Skip Navigation
Skip to contents

JLC : Journal of Liver Cancer

OPEN ACCESS
SEARCH
Search

Articles

Page Path
HOME > J Liver Cancer > Volume 12(2); 2012 > Article
Review Article Nutrition and Management of Hepatic Encephalopathy
Jin-Woo Lee
Journal of Liver Cancer 2012;12(2):120-127
DOI: https://doi.org/
Published online: September 30, 2012
Department of Internal Medicine, Division of Gastroenterology and Hepatology, Inha University School of Medicine, Incheon, Korea
Corresponding author:  Jin-Woo Lee,
Email: jin@inha.ac.kr
  • 657 Views
  • 13 Download
  • 0 Crossref
  • 0 Scopus

It has been estimated that at least 25% of patients with liver cirrhosis experience hepatic encephalopathy during the natural history of the disease. Hepatic encephalopathy is more frequent in patients with more severe liver disease. Also, malnutrition is common in patients with liver cirrhosis, and is considered a significant prognostic factor affecting quality of life, outcome, and survival. Inadequate intake of nutrients, the hypermetabolic state, the diminished synthetic capacity of the liver and the impaired absorption of nutrients are themain reasons that disrupt the metabolic balance in cirrhosis. In the general approach to cirrhotic patients, the initial and most important step for the clinician is to recognize the extent of malnutrition. Unfortunately, the Child-Pugh-Turcotte classification and the model for end-stage liver disease (MELD) do not include an assessment of nutritional status in spite of the fact that malnutrition plays an important role in morbidity and mortality in end-stage liver failure. To date, the practice of dietary protein restriction for patients with liver cirrhosis is deeply embedded among medical practitioners and dietitians. However, the negative effects of protein restriction are clear, that is, increased protein catabolism, the release of amino acids from the muscle, and possible worsening of hepatic encephalopathy. Nutritional support with sufficient protein requirements, antioxidants, vitamins as well as probiotics may improve nutritional status, liver function, and hepatic encephalopathy in patients with liver cirrhosis.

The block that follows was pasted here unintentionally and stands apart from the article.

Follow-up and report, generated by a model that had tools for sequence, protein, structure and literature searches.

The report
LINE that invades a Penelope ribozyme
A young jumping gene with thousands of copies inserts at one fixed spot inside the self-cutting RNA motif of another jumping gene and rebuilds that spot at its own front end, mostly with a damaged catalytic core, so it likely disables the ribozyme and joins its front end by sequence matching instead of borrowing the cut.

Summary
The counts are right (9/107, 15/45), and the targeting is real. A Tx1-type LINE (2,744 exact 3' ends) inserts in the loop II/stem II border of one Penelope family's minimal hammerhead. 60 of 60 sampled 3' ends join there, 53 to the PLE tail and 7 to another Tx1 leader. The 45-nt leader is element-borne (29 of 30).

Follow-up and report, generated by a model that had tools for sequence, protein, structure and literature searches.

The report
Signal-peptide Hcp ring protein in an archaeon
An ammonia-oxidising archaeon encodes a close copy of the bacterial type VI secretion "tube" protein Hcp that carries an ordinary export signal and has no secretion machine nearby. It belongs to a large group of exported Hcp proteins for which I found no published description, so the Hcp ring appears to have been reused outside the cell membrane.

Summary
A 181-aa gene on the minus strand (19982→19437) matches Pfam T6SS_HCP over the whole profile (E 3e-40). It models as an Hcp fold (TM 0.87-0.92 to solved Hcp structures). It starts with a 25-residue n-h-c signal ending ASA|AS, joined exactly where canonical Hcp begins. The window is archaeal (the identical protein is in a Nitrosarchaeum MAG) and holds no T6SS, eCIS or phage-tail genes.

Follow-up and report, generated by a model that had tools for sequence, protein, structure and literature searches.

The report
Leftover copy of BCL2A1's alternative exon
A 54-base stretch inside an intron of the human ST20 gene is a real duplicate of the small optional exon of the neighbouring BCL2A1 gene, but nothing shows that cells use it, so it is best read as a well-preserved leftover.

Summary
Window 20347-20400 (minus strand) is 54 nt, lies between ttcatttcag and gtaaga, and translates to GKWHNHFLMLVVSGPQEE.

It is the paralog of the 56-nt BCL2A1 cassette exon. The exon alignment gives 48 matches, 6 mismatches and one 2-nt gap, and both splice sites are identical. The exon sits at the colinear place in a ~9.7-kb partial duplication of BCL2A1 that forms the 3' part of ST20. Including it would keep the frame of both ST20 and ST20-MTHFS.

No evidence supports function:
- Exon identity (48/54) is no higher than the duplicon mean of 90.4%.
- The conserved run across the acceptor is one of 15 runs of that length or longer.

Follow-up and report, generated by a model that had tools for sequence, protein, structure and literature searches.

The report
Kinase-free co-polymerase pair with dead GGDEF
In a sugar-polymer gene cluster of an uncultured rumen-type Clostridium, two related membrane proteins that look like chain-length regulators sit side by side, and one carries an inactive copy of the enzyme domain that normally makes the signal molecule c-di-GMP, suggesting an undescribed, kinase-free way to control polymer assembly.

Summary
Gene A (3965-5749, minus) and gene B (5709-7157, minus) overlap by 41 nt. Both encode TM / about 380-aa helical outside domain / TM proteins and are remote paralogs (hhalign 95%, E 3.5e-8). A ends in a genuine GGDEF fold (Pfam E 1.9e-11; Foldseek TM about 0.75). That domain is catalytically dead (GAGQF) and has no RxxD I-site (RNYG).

Related articles

JLC : Journal of Liver Cancer